How To Share Online Without Worrying About Reputation

“Surveillance Video Cameras”. Paweł Zdziarski. Creative Commons Attribution License.

Our beloved internet never sleeps, never forgets. Worse, people often don’t understand our intents or make wrong assumptions about us. We may assume a curator approves of the content of every article he shares, for example. As a beginner on the web, I’ve been misled like this myself. Or, we may make mistakes with the… Continue reading How To Share Online Without Worrying About Reputation

Context-free content: new challenges for publishers

Publishers used to control the way content was experienced. Designers read and put content in tailored layouts. Content was produced and laid out for consumption on paper and later on desktop computers. The experience could be controlled but the content landscape is changing. First, an ever expanding portion of audiences access content through mobile devices.… Continue reading Context-free content: new challenges for publishers

Use the Editor’s Note to Tell Your Paper’s Story

“Story Time” by Dave Parker. Creative Commons Attribution.

Curators show who they are by exposing what they care about, what they consider worthy of other people’s attention. We use stories as currency in the attention economy: picking the best of them and passing them along.We manage a platform of stories. Yet, it seems we’re not storytellers ourselves. Or when we are, we separate… Continue reading Use the Editor’s Note to Tell Your Paper’s Story

Presenting Pearls: Stakes of Content Discovery

“Pearls” by Dr. John Supan for the U.S. National Oceanic and Atmospheric Administration

Users of fast growing services face challenges discovering relevant content. To address these challenges is hard because relevance is an ever evolving concept which depends on the context. When the user has a clear goal or specific question, relevance is straight forward: that’s how we got search engines. But it is less obvious to address… Continue reading Presenting Pearls: Stakes of Content Discovery

How to Select Only What You Need and Leave the Rest

“Workers sort through dried tea. Kunming, China” by Steve Evans. Creative Commons Attribution Non Commercial License.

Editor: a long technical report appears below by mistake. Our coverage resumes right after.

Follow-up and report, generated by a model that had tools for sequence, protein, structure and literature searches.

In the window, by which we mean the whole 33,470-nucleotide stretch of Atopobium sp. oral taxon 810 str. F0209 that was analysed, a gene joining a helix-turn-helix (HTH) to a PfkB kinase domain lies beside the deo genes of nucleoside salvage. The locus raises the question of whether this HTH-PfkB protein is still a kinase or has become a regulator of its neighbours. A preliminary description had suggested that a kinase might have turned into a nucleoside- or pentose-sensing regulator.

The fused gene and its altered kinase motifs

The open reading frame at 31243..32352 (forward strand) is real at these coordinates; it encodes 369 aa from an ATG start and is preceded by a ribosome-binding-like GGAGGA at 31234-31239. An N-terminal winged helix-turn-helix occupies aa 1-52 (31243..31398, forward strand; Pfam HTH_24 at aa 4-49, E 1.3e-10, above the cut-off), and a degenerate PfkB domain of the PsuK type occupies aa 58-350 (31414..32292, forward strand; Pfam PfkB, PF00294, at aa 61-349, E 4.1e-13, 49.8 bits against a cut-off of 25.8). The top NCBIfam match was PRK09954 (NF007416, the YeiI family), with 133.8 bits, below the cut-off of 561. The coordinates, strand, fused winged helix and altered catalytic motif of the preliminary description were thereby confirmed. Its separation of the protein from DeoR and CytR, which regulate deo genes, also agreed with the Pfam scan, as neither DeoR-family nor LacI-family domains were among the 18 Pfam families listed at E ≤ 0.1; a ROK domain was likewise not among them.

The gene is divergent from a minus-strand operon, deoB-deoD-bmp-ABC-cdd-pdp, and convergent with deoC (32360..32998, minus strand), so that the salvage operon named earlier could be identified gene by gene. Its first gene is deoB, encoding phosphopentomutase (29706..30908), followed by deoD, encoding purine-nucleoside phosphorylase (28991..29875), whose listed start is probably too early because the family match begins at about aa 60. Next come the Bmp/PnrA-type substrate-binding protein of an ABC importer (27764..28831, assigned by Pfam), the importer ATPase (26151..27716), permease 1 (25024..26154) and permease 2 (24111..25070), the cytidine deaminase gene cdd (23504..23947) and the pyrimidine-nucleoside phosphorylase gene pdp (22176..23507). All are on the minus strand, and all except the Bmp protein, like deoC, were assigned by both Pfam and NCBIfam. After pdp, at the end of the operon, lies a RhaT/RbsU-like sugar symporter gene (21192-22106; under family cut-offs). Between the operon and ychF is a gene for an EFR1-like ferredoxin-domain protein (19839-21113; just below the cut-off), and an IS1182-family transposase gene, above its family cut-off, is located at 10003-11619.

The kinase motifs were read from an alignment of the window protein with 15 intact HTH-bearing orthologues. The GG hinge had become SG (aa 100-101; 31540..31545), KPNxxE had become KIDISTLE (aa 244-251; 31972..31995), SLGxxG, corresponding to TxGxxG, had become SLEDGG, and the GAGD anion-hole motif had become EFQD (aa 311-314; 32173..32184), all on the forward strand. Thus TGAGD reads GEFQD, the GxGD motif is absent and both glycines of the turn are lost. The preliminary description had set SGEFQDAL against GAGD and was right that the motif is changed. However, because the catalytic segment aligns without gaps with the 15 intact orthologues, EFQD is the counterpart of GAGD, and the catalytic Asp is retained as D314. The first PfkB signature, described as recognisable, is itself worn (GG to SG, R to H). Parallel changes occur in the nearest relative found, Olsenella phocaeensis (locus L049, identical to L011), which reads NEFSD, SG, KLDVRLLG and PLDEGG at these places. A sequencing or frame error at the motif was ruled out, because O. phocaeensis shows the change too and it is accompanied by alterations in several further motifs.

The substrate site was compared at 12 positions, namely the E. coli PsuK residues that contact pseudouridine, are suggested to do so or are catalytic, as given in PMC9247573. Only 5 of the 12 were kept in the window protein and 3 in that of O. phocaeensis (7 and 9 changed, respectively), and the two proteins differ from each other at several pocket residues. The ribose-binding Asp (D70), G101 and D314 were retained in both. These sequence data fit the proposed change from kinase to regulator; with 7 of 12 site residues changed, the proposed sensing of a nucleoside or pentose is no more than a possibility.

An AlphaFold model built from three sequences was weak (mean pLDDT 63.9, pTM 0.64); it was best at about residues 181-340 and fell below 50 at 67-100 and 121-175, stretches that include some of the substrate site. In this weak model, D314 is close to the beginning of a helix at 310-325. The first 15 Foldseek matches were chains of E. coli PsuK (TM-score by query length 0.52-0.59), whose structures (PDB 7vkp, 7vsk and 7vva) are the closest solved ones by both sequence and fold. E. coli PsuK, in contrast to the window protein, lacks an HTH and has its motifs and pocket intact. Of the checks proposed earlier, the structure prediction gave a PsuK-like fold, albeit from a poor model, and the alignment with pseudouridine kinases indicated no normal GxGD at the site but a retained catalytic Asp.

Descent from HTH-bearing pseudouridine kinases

“Information Gluttony”, a previous post, provoked interesting reactions among social media enthusiasts and editors. The need to become more picky is widely felt. Jan Gordon wrote: I think this is most important for all of us, continually refining our ability to select only what we need and leave the rest. Today everyone is a publisher and… Continue reading How to Select Only What You Need and Leave the Rest

Content Rivers and Information Gluttony

Portion depicting Gluttony in Hieronymus Bosch’s “The Seven Deadly Sins and the Four Last Things”

As the festive season was drawing to a close, I –like a large portion of the online population– became concerned about ending the cycle of over-eating. The sense of satiety is easy to numb and hard to get back. It is not only true for food but also for content. Non-physical items can lead to… Continue reading Content Rivers and Information Gluttony

The limits of automation and the curator’s role

"Kneading Clay" by Sawyer Isabelle

Frank posted earlier about Popping the Filter Bubble, arguing that there wasn’t a real problem. Although, as he argues, the concerns about the filter bubble are framed as a conflict to sell the idea, it doesn’t mean the filter bubble is not a real and potentially problematic phenomenon. As he shows using the example of… Continue reading The limits of automation and the curator’s role

Storytelling lessons from “A Song of Ice And Fire”

Detail from “Der Grossvater erzählt eine Geschichte” (oil on canvas), Albert Anke, 1884.

Late as I’ve come to George R.R. Martin’s “A Song of Ice And Fire” book series, I can’t put the books down now. They’re well-written and engaging. Engagement is — of course — the paramour of social media. If we can understand how to drive engagement over such long pieces of writing, we will become better online storytellers.… Continue reading Storytelling lessons from “A Song of Ice And Fire”

Report and Curate With the Same Passion

Detail from “Strawberry Picking” by bigbirdz. Creative Commons License BY.

Recently, I wrote about the focus on original reporting that online magazines such as Salon.com and Gawker have decided to develop. According to this article by David Skok, these changes in editorial strategies are normal and have historical precedents: TIME magazine went through a similar transformation.Skok, therefore, concludes that “the aggregators of today will be the… Continue reading Report and Curate With the Same Passion

On or Off? How to Make Comments Work for You

I was prompted to think about the costs and value of comments after reading a post about the latest changes made to Gawker’s comment management system in which Nick Denton, founder of Gawker Media, laments the poor state of comments sections. Engagement is difficult to get and even more difficult to keep. Whether you get no comments at all… Continue reading On or Off? How to Make Comments Work for You